What a difference a question can make. But that might not have been the sole influence on the results...Paul Lipkin, director of medical informatics at the Kennedy Krieger Institute and of the institute’s Interactive Autism Network, sees the reordering and rewording of the questions as one factor. The changes place a “higher priority on identifying autism,” he said in an email, but “at the same time, we know that professionals, parents, and the public also are more attuned to ASD and its identification at all ages.”

These latest values bring the results of three national surveys of autism prevalence into alignment. In addition to the NHIS, the US also identifies autism prevalence values from the Autism and Developmental Disabilities Monitoring Network (ADDM) and the National Survey of Children’s Health (NSCH). The most recent results from the NSCH put autism prevalence at 1 in 50 children. This latest NHIS prevalence of 1 in 45 converges on that finding, and the agreement among the studies strengthens their conclusions.
Lipkin noted that the advantages of the NHIS study are that it doesn’t involve preselecting households for autism or other developmental conditions and samples across ages, unlike ADDM, which focuses on 8-year-olds. The 2.24% prevalence also is remarkably close to the 2.64% reported in a thorough investigation of autism prevalence in the South Korean population. Lipkin sees that similarity as pointing to the universality of autism. “This is not a function of professional practice, cultural differences in parenting, or differing parental perspectives on their children,” he said. The report also shows some stabilizing of previous disparities and a closing gap between girls and boys diagnosed with autism. Earlier surveys and some research have suggested that autism is four or five times more common in boys than in girls, but the NHIS survey has it as just under 3 times more common in boys (3.29 vs 1.15 in girls). Some of the gaps among ethnicities also appear to be narrowing: ASD prevalence among non-Hispanic white children was 2.55 in the NHIS survey and 2.21 among non-Hispanic blacks, but still lower among Hispanic children at 1.49. Prevalence also is lower among uninsured families, possibly reflecting an access issue.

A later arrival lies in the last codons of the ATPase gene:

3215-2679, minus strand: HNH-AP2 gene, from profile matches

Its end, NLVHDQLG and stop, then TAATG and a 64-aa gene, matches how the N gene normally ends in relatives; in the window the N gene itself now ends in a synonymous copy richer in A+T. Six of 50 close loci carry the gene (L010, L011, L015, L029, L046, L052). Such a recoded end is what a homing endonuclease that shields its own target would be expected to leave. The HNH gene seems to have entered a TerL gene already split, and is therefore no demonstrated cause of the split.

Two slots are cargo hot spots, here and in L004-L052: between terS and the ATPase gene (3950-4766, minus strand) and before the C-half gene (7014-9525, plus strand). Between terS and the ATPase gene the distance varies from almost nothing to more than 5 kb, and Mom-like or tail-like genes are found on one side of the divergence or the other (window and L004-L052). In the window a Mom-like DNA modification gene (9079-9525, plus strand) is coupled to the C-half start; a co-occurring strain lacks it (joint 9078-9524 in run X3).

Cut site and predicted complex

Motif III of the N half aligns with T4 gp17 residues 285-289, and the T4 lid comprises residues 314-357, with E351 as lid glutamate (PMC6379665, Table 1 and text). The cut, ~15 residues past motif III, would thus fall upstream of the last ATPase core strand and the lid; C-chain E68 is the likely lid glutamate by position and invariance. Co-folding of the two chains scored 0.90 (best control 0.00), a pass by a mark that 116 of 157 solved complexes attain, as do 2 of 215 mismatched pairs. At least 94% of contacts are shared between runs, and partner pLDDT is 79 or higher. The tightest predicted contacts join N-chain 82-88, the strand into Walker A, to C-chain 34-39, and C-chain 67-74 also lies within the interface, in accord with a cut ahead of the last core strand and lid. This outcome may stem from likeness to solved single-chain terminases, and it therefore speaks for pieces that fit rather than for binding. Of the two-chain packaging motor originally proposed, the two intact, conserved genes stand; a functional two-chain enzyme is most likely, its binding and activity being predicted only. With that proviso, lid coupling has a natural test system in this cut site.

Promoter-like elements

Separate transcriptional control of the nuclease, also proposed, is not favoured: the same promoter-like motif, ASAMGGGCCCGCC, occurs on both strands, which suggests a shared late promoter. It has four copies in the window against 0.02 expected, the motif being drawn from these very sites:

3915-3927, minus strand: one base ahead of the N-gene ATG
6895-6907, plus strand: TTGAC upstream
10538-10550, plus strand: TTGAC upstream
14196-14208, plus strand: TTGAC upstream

One final result to highlight from this survey: The results are similar for age groups, at 2.34 for children ages 3-10 and 2.13 for children ages 11-17. That similarity also suggests some stability across the years in the true prevalence of this condition, whether a child was born in 1998 or in the 21st century.


Michigan's Primary Ballot Due Out Friday

By Friday Nov. 13, the political parties are supposed to have their candidates listed. One month later, anyone else who wants to run has to have 10,000 valid signatures turned in.

The race is firming up! It will be Primary Day for Michigan (March 8) before you know it!

Inside the Secretive World of Tax-Avoidance Experts


A sociologist realized that if she were ever going to understand global inequality she would have to become one of the people who helps create it. So she trained to become a wealth manager to the ultra-rich...CREATE, OR STEAL?